James M (mx) wrote: When you think of 1950's sci-fi film, you generally think of something cheesy and scientifically unsound, but not being without a certain quaint charm and some unintentionally hilarious moments. "The Incredible Petrified World," however, will give you none of that, as the only charm it has is to bore you out of your ever-loving mind. The basic premise of this snoozer of a story, has to do with a group of scientists who are looking to reach the hidden depths of the ocean, but end up in a strange world of undersea caves, deep below the surface, when their diving bell snaps from its cables. Now, they search for a way back to the surface world. Will they make it? Can they find the way? Is there one? Oh, the suspense is killing me... Actually, the only thing that has any lethal power in this turkey of a film is the incredibly boring pace of the story, which has about as much suspense and tension as watching paint dry. There's just nothing here to engage you. Director Jerry Warren, who's name is synonymous with cheap craploa films, gives the viewers nothing to hold their interest. When you aren't laughing at the inane lack of scientific fact and premise (like how when they find an old man in the caves, he says he's been there for 14 years. But how was he able to tell time down in there?), you'll be bored into a coma with wooden acting and a plodding plot that goes nowhere fast. Even the cast seems to have absolutely no interest in this lame duck of a film. Veteran actors, John Carradine and Phyllis Coates (who's best know as Lois Lane on the 50's Superman t.v. show), are simply wasted in their roles. Carradine spends almost the entire movie standing around and looking worried, while Coates spends her time trying to be catty with the only other female present (played by Sheila Noonan), when she isn't fending off a clumsy attempt at rape by an old cave dweller (played by Maurice Bernard). There is simply no noteworthy performance at all, even if the script did give them something to work with. The special effects are equally bland. The volcano eruption near the end of the film is a joke, as we never even see the volcano itself. You'd think Warren could have swiped some stock footage of one doing so. About the only bit of interest the film can muster is within the first few minutes after the opening credits, where we are treated to some stock footage of sea life, which is capped off with a pretty neat fight between an octopus and a shark. The film is strictly downhill from there, all the way to its obligatory Hollywood happy ending. I can forgive a movie being bad. I can forgive it for being cheap and cheesy. I can even forgive it for being pandering. But I cannot forgive it for being boring, which exactly what this waste of celluloid is. The only things that are petrified in "The Incredible Petrified World" are the acting and sense of suspense. Avoid this dreck at all costs, unless you run out of sleeping pills.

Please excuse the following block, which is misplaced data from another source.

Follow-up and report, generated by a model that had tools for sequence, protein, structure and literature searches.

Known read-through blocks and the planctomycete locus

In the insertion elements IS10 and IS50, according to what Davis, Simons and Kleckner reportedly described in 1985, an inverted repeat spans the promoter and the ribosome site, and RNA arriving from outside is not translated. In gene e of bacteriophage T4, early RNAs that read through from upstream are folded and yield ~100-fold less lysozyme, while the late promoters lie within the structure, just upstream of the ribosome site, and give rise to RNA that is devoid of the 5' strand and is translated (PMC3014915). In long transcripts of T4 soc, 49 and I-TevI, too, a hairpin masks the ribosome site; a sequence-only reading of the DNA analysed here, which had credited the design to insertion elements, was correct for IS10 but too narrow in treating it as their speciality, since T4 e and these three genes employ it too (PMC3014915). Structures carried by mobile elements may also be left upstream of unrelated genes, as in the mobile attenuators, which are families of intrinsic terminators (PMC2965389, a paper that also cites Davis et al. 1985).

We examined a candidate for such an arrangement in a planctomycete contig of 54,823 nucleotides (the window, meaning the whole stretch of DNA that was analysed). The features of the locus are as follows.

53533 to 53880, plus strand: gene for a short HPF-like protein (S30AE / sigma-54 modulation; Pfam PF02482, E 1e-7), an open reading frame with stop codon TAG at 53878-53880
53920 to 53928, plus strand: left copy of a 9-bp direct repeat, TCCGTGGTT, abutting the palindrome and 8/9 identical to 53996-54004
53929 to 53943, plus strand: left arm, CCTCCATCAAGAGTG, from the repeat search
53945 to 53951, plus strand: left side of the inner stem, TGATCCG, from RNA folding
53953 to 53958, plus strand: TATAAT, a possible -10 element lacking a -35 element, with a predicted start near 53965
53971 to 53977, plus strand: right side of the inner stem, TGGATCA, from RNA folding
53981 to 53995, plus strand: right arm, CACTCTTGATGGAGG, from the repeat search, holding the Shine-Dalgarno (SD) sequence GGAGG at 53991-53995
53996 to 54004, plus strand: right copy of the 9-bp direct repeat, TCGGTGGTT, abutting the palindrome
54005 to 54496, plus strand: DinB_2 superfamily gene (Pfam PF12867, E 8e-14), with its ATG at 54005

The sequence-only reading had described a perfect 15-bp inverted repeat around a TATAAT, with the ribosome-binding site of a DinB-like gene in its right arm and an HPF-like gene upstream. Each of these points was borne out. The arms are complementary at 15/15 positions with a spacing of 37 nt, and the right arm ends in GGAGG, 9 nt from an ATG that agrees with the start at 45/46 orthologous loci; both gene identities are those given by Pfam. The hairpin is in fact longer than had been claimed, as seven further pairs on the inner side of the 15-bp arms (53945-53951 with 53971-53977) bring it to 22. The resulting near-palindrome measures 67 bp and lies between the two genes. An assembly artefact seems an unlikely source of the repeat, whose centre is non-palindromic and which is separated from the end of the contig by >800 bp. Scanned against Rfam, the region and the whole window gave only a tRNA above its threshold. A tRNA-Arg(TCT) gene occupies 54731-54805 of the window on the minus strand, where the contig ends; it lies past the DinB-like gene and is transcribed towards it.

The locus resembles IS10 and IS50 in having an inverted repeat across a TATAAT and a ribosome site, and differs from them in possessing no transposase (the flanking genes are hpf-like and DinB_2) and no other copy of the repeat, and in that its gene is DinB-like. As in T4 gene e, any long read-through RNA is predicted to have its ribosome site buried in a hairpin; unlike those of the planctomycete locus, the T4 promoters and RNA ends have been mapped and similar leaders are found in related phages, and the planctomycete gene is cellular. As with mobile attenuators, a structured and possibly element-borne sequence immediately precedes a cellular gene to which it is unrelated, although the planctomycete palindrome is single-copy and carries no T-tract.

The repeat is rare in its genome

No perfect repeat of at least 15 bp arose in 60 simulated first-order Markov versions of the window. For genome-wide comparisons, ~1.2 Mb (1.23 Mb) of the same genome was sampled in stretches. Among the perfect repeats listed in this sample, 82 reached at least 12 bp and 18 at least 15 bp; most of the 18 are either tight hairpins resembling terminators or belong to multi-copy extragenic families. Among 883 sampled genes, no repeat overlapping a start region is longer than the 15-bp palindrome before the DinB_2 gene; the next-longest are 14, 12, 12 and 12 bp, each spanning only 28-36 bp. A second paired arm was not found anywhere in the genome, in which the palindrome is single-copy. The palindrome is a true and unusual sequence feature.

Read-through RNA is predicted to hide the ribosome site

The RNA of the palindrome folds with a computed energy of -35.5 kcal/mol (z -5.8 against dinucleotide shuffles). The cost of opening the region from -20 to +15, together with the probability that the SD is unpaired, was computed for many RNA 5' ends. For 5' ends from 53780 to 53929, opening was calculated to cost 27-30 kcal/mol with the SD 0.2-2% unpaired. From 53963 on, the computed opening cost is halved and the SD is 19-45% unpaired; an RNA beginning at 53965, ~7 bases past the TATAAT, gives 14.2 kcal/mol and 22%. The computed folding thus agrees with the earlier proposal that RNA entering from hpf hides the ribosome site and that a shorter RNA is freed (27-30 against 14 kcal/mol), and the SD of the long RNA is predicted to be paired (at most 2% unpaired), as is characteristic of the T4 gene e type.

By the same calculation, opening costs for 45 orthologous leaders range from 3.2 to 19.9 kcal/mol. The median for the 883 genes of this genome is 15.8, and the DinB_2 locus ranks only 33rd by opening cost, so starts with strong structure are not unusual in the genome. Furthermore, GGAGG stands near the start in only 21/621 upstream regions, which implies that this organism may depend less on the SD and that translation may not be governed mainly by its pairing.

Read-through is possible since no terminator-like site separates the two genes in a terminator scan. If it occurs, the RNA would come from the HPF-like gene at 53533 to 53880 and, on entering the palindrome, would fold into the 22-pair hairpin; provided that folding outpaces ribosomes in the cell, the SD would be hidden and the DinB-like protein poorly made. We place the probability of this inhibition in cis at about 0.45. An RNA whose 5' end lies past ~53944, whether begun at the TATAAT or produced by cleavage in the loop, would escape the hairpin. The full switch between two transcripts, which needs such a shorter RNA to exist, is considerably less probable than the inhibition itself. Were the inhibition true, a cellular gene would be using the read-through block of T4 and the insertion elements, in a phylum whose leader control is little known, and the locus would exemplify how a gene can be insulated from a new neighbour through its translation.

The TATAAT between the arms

Brandon W (mx) wrote: Very clever and fun movie. Although you've seen this type of plot before, the two cops with distinct personalities and the 'insert name here' device that will destroy the world. But what makes this movie work is that it is over-the-top silly and it knows that and has fun with it. And what makes this movie memorable is Will Smith. He is just so damn cool and hilarious. That perfect balance between the Fresh Prince and his role in Independence Day. This movie is also really short too so it's perfect for a movie day inside on a rainy day. Check it out if you want some cool action and some great laughs!

Jonathan B (au) wrote: Pleasant enough without creating any real dramatic tension, The Hundred-Foot Journey is the story of a young Indian chef who's family opens a restaurant in a small French village. Over the road from where they open is a Michelin starred restaurant, specialising in traditional French cuisine. The movie tells of the initial rivalry between the two establishments and the gradual building of cultural recognition, cooperation and acceptance that develops. It is harmless enough with a good central message that is unsubtly hammered home. Helen Mirren does her best "poe-faced" acting as the owner of the French establishment who has a gradual softening of her attitude while Om Puri is the head of the Indian family who has his own prejudices to face. Manish Dayal is a fairly lightweight leading man and I didn't really get much of a sense of passion from him in the role of chef, Hassan. At the end of the movie, I don't really feel I understood the cuisines of France or India any better than I did at the start and I certainly didn't pick up any further knowledge about what it is that makes us all tick but it had a least passed the time without pain or discomfort.....a sort of movie Mogadon.

I dont know w (us) wrote: I think I might like it.

Rebecca P (gb) wrote: I've always had a soft spot for dark comedy. This was well done and unforgettable. On road trips through small towns in the middle of nowhere, I just might imagine that I'll see someone in couture, lol.